Yet, more work needs to be done as only 34 percent of adults in Sub-Saharan Africa have a bank account and 350 million people are still unbanked. In Kenya, financial inclusion as of August 2020 stands at 82.9%, an improvement from 26.7% in a decade, while the commercial banking industry is the fourth largest in Sub-Saharan Africa but there’s still room for growth.  

Technology has been at the heart of financial inclusion in Africa and today we’re seeing how technology trends are evolving much faster than imagined. The pandemic has accelerated the pace, and we have seen digital transformation initiatives within the sector compressed from years to months.  

Building the right platform 

With the evolution of technology, banks are pivoting their platforms towards open ecosystems and the secure sharing of data with third-party applications from fintechs and online financial service vendors to increase access to banking services to the masses. The 2021 IBM CEO Study – that drew on input from 3,000 CEOs across 26 industries and nearly 50 countries – has found that such ‘platformification’ of banks is here to stay. 

Home to over 150 fintech companies, Kenya has one of the biggest and most developed fintech ecosystems in the African continent, owning to the proliferation of mobile phones and the rise of mobile money alongside technologies such as hybrid cloud and AI to name a few.  

Innovation through a secure cloud 

In highly regulated industries like the financial services sector, increasing financial inclusion for the unbanked is a juggling act between security and compliance together with innovation, and hybrid cloud is the answer to the conundrum.  

Hybrid cloud can help banks and fintechs cope with the hurdles of compliance, security, and innovation while meeting customer expectations and venturing into new services. As banks become platform providers, hybrid cloud adoption lowers the total cost of technology ownership and improves operational efficiency – promoting innovation, aiding in the development of new business models and supporting more fulfilling customer engagements.  

While the cloud offers clear advantages to banks and most are actively using cloud services, few have actually moved mission-critical regulated workloads to the cloud to date. In many cases, this has been due to concerns about whether cloud environments complied with stringent security and regulatory requirements.  

Meeting industry requirements 

If banks are going to guard against fraud and criminal activity while delivering on their promises to digitally sophisticated customers, they have to build their platforms on technology solutions designed to meet regulations of the financial service industry.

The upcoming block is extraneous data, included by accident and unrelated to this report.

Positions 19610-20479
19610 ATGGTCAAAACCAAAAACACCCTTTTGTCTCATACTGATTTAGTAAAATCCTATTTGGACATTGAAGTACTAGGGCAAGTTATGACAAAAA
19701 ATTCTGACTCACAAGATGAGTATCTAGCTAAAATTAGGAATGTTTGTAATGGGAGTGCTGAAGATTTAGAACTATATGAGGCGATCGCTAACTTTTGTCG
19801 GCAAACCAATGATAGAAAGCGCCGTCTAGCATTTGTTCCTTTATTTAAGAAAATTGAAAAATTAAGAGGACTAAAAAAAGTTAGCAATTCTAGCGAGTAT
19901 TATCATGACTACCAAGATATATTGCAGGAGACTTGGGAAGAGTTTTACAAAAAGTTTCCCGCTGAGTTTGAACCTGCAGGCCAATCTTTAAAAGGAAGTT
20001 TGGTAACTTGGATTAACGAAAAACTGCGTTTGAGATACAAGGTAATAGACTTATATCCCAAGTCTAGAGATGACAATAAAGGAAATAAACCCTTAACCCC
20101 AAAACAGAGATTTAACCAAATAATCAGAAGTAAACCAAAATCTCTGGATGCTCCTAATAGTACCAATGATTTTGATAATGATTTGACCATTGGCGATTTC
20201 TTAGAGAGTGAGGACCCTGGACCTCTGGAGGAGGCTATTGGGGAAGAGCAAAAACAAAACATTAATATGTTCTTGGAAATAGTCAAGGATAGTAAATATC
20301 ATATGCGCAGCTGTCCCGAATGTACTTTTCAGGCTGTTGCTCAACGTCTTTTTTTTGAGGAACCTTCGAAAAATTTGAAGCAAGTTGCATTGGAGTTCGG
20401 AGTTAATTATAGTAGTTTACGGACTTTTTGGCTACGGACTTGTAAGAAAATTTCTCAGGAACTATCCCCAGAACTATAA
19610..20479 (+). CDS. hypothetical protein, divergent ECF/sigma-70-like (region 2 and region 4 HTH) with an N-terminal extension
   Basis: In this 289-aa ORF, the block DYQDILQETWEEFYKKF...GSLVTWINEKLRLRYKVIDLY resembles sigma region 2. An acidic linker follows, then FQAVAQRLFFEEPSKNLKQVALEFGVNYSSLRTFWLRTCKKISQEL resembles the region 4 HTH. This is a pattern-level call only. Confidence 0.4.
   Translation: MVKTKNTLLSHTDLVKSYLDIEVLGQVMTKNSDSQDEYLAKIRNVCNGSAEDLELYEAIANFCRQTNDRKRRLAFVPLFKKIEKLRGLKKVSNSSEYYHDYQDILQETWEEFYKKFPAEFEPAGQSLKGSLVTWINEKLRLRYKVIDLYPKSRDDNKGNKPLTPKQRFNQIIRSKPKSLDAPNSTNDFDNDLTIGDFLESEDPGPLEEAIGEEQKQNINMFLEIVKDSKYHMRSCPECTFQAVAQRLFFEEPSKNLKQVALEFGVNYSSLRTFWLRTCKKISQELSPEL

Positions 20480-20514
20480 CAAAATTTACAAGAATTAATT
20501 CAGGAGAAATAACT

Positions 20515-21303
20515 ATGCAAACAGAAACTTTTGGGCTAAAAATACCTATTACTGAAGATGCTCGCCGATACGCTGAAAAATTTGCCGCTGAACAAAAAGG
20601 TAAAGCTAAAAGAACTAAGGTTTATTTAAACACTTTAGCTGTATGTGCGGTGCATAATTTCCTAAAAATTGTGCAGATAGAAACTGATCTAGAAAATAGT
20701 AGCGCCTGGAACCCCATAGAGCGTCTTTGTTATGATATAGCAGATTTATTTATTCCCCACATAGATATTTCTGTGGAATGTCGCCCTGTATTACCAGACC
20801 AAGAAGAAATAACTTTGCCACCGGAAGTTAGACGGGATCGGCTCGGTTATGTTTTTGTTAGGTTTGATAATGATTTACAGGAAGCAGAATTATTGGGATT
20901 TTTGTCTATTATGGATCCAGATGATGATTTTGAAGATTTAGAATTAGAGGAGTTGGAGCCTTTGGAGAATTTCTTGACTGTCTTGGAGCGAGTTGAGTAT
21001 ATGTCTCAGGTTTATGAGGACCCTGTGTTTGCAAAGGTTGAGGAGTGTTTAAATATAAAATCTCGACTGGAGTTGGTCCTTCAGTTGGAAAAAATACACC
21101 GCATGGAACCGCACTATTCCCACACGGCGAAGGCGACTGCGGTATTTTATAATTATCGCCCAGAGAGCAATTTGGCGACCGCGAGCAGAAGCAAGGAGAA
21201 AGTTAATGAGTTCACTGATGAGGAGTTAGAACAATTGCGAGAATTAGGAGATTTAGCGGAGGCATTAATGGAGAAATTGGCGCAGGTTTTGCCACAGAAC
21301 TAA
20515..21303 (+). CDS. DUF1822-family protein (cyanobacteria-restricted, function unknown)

In response to this, IBM launched Cloud for Financial Services – a financial sector specific cloud offering – which features built-in security, regulatory and compliance controls that help minimize risks for banks integrating with third party independent service vendors (ISVs), fintechs and software-as-a-service (SaaS) providers.    

IBM has also been investing in confidential computing research and technologies for over a decade, and the solutions provide greater assurance that data is protected and visible only to its owner and no one else. This means banks can now be as compliant on the cloud as they are within their own data centers, and they can demonstrate compliance on a continuous basis. 

As we continue in the journey to financially include more of our people across the African continent, the future of banking across Africa is dynamic and exciting.  

With the right technology partner such as IBM and being cloud-ready, financial services institutions can build a strong ecosystem of partners – be it fintechs, startups – to offer an array of services at a quick pace and lower cost to entice the unbanked to the digital economy. 

Caroline Mukiira is the General Manager, IBM East Africa

Bold company Incentro credited for growth in Google Cloud adoption in Africa

DigiCloud Africa has credited Incentro Africa for its role in expanding Google Cloud in Africa and subsequently being recognised as the Google Cloud Expansion Partner of the Year – Europe, Middle East, and Africa. 

The annual award recognises one global partner in the region that has shown outstanding success in helping a large number of customers achieve better results through the Google Cloud Platform and Google Workspace. 

Incentro Africa (founded 2017), announced in 2020 that it had achieved the Work Transformation – Enterprise Partner Specialization in the Google Cloud Partner Specialization Program, becoming the first and only premier partner with this specialization in Africa. 

By earning the Partner Specialization, we proved our expertise and success in deploying Google Workspace to enterprise organizations, which includes providing services across all project work streams – such as technical implementation, change management, training and ongoing premium support.

Our continued collaboration with DigiCloud has yielded many successes with key clients such as Central Bank of West Africa (Google Workspace) , Textbook Center (SAP on Google Cloud) and Britam (Workspace).

“We are proud to have been credited by DigiCloud as one of their key partners in achieving this truly prestigious award – the first for an African organization no less.” said Dennis de Weerd, Sales Director, Incentro Africa. “Our continued partnership is truly a special one and look forward to many more shared successes.” he continued.

“Whilst the complete list of resellers would be too lengthy to mention, three companies were monumental in their efforts through 2020 to drive Google Cloud adoption in Africa, namely: Incentro Africa, for work in Kenya and Senegal specialising in workforce transformation, machine learning and infrastructure…” Gregory MacLennan, CEO, DigiCloud.